Organic Valley Farmer-Owners Convene at Co-op’s Annual Meeting to Applaud 2014 Strides and Adjust for Rapid Organic Industry Growth

Share Article

Record increase in farmer pay price, market challenges and resilience through cooperation among topics addressed by nearly 400 farmer-member attendees

“We had strong growth, good profits, raised the pay price to farmers and rolled out some great new products."

Organic Valley, the nation’s largest cooperative of organic farmers and a leading organic brand, concluded its Annual Meeting, which drew nearly 400 farmer-owners to La Crosse, Wis., April 6-9. With the theme “Resilience Through Cooperation,” key topics addressed throughout the meeting centered around 2014 as a year of resiliency and growth in the rapidly expanding organic marketplace.

“2014 was quite a year,” reflected George Siemon, founding farmer and CEIEIO for Organic Valley. “We had strong growth, good profits, recovered from our 2013 headquarters fire, raised the pay price to farmers and rolled out some great new products. Looking ahead, we continue to struggle with and plan for the surge in organic sales, shortages on store shelves, feed shortages on the farm and intense competition for farm milk.”

Meeting attendees engaged in key co-op member topics such as farmer recruitment, attrition, farm succession, the proposed organic promotion board and of course, how organic fits into the federal system. “It’s democracy in action,” said Arnie Trussoni, president of the all-farmer board of directors. “Our ability to agree to disagree through these challenging discussions helps our cooperative remain resilient.”

There was much to celebrate at Organic Valley’s Annual Meeting. In 2014, the farmer-owned co-op had record sales of $972 million and a profit of $14.5 million, proving that its business model can withstand market fluctuations. The co-op implemented a record increase in farmer pay price, which went up in most regions by 10 percent, on average. Organic Valley also added 65 jobs, ending 2014 with 802 staff.

The co-op continued to invest in programs that encourage young farmer retention—a critical part of Organic Valley’s member base. This year, the co-op presented its 2015 Generation Organic™ (Gen-O) Award to Emily and Tim Zweber of Zweber Farms in Elko, Minn., for their leadership, stewardship and continued commitment to organic farming.

“Organic Valley’s cooperative structure allows young farmers like us a voice and the opportunity to be involved in leadership,” said Emily Zweber. “We have access to a tremendous support system of veterinarians, nutritionists, agronomists, animal care specialists and our fellow Organic Valley farmers. This is such a positive shift from where we came from before joining the co-op.”

“There’s a culture of community in our co-op,” added Tim Zweber. “We’re all family and friends. That culture keeps us focused on what’s best long-term and really supports us through the ups and downs.”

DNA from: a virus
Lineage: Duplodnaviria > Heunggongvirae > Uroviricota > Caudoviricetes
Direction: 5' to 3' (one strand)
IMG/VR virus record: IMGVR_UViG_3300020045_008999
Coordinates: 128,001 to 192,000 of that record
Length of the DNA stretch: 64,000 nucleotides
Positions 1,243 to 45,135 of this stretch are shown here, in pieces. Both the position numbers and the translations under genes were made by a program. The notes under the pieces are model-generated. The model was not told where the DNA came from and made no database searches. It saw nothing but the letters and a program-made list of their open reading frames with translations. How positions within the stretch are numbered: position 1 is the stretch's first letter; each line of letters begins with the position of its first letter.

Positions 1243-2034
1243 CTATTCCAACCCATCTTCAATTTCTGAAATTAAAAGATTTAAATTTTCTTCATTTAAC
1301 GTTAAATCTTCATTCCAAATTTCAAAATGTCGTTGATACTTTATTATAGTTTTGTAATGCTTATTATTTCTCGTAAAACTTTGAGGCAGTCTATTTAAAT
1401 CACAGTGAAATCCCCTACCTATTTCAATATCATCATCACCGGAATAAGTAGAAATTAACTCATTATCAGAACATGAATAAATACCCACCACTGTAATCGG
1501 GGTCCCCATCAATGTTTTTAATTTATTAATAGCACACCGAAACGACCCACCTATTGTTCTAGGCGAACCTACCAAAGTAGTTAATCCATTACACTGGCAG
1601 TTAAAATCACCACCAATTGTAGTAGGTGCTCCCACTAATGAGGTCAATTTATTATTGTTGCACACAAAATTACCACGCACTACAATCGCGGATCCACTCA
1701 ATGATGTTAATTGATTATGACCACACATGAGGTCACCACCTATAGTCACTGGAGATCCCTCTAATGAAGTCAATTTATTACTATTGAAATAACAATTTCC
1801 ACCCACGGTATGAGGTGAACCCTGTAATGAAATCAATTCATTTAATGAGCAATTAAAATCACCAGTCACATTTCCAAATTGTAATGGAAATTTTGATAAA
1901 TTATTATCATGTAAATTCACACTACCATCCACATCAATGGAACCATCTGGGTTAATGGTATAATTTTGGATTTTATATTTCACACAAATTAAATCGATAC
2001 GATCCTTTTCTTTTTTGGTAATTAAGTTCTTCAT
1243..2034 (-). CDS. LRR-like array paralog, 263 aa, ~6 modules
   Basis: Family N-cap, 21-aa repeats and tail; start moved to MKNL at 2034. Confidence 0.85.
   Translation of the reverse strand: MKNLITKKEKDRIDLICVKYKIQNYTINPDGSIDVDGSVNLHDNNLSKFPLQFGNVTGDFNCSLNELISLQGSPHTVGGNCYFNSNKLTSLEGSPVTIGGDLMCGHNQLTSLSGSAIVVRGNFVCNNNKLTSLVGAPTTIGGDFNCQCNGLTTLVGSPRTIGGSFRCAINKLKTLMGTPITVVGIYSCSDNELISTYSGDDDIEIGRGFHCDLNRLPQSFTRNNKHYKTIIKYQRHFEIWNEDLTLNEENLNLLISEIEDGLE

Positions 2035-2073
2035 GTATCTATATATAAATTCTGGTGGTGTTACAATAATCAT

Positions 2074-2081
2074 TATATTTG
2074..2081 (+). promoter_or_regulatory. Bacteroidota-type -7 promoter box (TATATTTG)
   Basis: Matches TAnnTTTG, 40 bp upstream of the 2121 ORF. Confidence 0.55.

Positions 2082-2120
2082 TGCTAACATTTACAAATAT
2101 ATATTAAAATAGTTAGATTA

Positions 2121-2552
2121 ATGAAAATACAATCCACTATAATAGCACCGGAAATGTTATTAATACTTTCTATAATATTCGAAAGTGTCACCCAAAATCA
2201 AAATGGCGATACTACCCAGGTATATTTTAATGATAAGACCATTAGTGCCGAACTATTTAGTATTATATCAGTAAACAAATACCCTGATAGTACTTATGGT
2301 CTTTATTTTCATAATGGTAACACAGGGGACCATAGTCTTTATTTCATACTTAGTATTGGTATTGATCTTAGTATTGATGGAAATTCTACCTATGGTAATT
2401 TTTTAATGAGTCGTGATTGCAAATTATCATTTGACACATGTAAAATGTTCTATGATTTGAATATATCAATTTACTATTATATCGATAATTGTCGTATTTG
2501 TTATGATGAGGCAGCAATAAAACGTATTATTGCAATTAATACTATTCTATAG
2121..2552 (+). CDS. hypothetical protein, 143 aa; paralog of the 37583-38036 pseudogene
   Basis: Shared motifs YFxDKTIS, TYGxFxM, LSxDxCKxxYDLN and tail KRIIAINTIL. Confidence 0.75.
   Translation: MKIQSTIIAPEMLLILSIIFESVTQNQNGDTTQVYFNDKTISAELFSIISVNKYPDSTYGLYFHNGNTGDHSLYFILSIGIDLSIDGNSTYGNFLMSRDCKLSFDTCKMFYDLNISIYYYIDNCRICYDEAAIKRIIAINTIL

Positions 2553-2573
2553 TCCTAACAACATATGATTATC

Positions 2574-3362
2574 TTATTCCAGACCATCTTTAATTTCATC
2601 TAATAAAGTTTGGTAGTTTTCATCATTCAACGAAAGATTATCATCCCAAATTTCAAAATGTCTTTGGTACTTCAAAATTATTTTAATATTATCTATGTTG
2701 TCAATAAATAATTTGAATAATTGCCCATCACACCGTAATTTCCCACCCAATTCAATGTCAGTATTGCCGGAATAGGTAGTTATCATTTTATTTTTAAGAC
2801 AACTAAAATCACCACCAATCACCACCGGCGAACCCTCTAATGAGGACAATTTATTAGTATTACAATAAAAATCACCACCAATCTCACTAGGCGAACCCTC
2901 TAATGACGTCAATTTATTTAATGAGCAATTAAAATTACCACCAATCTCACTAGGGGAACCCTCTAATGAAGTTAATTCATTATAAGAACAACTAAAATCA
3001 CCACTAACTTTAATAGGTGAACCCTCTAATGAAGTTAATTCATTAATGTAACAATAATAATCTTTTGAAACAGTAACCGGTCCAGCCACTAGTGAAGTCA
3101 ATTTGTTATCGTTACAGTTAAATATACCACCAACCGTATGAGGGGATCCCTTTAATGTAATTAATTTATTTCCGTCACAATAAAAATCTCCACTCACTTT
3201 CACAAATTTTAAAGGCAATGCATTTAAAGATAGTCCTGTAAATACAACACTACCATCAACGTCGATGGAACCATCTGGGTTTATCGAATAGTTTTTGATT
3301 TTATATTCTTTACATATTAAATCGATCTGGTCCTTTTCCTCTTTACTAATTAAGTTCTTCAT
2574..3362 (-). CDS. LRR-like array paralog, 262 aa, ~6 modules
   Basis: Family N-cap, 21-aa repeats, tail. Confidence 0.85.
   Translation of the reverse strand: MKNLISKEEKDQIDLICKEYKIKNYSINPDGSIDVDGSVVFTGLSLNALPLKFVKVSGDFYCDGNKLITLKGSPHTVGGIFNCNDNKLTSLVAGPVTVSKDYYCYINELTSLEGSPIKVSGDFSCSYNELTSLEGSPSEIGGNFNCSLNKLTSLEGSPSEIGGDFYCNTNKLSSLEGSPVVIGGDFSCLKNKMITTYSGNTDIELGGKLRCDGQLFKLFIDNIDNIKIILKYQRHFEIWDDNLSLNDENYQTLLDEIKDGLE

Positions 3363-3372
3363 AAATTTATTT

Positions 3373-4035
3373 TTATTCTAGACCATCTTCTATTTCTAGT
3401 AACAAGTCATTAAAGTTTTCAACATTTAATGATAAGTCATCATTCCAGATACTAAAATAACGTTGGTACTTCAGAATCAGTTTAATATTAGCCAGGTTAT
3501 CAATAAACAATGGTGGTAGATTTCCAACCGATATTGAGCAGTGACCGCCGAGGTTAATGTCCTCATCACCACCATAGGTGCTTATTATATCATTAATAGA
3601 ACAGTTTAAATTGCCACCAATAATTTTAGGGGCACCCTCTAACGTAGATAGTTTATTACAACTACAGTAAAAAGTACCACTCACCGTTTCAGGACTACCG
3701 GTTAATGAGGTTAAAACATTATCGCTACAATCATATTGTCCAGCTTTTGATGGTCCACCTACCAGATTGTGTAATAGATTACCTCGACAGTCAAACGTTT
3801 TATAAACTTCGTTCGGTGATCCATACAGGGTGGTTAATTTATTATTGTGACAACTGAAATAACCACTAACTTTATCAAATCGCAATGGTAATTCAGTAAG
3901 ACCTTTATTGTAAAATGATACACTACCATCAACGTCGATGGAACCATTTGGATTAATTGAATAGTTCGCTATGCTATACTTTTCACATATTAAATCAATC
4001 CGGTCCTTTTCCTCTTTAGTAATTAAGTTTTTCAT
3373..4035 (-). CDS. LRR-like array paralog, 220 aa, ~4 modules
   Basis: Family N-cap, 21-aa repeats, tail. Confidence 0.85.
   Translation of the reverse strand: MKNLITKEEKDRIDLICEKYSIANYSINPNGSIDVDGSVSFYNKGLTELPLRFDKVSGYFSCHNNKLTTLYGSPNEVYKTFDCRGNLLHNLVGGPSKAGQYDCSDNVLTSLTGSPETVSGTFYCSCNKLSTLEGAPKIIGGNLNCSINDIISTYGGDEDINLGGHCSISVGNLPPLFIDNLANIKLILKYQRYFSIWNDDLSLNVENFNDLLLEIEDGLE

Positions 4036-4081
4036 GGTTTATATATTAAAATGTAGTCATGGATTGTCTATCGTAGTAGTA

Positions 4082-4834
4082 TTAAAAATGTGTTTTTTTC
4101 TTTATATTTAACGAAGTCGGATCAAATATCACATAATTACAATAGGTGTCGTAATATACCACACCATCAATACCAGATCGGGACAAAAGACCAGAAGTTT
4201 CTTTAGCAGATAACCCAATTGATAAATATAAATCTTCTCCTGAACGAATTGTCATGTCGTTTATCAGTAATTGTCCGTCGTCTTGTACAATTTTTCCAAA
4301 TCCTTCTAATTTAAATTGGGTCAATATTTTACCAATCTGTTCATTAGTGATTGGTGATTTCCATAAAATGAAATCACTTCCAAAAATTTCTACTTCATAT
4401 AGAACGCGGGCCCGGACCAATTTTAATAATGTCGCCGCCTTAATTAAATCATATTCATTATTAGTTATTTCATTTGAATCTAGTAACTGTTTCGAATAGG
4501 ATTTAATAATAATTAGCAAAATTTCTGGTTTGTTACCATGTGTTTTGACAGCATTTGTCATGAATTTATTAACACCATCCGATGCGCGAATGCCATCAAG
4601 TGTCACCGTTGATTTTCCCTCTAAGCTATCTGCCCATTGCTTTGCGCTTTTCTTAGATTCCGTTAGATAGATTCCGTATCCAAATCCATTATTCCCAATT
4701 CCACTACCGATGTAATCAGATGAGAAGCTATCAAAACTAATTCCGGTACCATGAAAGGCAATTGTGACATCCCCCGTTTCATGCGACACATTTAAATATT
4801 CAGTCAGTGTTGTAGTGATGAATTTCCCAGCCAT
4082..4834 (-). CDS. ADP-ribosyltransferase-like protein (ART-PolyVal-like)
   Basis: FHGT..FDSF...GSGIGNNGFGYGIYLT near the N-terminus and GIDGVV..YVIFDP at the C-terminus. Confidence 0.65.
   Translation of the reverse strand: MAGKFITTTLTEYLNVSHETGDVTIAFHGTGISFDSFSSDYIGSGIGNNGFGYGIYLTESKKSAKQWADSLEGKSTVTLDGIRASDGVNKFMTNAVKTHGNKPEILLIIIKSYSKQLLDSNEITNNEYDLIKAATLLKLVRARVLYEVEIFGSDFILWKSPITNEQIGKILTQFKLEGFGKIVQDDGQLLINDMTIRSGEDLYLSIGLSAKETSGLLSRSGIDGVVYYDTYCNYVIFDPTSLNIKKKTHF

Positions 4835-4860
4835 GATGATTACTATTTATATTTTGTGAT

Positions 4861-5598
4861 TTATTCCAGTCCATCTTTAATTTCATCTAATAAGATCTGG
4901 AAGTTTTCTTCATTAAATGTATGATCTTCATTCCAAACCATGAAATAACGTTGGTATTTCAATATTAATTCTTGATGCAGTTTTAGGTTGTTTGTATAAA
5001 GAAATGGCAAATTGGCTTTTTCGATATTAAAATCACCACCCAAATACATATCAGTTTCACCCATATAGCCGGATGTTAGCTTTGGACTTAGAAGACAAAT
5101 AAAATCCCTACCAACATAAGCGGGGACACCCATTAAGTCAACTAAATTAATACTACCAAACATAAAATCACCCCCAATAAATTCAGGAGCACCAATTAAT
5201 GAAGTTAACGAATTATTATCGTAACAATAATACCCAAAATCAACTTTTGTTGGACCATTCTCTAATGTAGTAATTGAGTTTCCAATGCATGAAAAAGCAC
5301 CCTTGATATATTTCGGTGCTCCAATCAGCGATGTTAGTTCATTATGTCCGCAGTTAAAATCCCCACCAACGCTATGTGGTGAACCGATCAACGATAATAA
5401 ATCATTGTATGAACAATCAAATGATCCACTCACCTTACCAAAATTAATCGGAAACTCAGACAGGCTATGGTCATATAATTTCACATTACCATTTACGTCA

As consumers continue to pay premiums for quality, Organic Valley farmers remain committed to producing the industry’s highest-quality products. As a testament to this commitment, the co-op presented more than 600 Quality Awards to farmer-owners at the Annual Meeting awards banquet on April 8. This honor recognized producers of dairy, produce, soy, eggs, feed and meat for achieving high quality standards.

For milk quality, “Cream of the CROPP” awards were given to dairy farmers with the best milk quality in each of Organic Valley’s six regions:

  • Northeast: Allan and Karen Bathalon, North Troy, Vt.
  • Mideast: David & Karen Vander Zanden, Casnovia, Mich.
  • North Central: Ammon R. and Eileen R. Martin, Memphis, Mo.
  • Wisconsin: Kevin and Mary Jahnke, Jahnke Family Farm, Lancaster, Wis.
  • West: Randy and Kim Peterson, Arlington, Wash.
  • South: Christian E. and Lydia Z. Beery, Dayton, Va.

The co-op (also known as Cooperative Regions of Organic Producer Pools, or CROPP), gave this year’s new Organic Heroes Award to dairy farmers Jack and Anne Lazor of Vermont. The Lazors, organic pioneers and leaders since the mid-1970s, are well-known in New England for their outstanding yogurt, Butterworks. Although they are not members, the co-op is proud and honored to recognize their unique contributions to organic food and farming.

Other noteworthy Annual Meeting highlights and recognitions included:

  • Organic Valley farmers produced nearly one million kilowatts of clean, renewable energy in 2014, nearly double 2011 figures
  • Organic Valley Pasture Butter, churned in Chaseburg, Wis., won first place in the 2015 United States Championship Cheese Contest, among other Organic Valley 2014 awards
  • First-ever organic milk protein shakes released in the market, available in award-winning Balance and Fuel varieties
  • First organic snacking cheese for adults, available in award-winning medium cheddar and pepper jack varieties

Organic Valley: Independent and Farmer-Owned
Organic Valley is America’s largest cooperative of organic farmers and one of the nation’s leading organic brands. Organized in 1988, it represents approximately 1,800 farmers in 36 states. Focused on its founding mission of saving family farms through organic farming, Organic Valley produces a variety of organic foods, including organic milk, soy, cheese, butter, spreads, creams, eggs, and produce, which are sold in supermarkets, natural foods stores and food cooperatives nationwide. With its regional model, milk is produced, bottled and distributed right in the region where it is farmed to ensure fewer miles from farm to table and to support our local economies. For further information visit Organic Valley is also on Twitter @OrganicValley and Facebook

Share article on social media or email:

View article via:

Pdf Print

Contact Author

Elizabeth Horton
Organic Valley
+1 207-838-0084
Email >
Visit website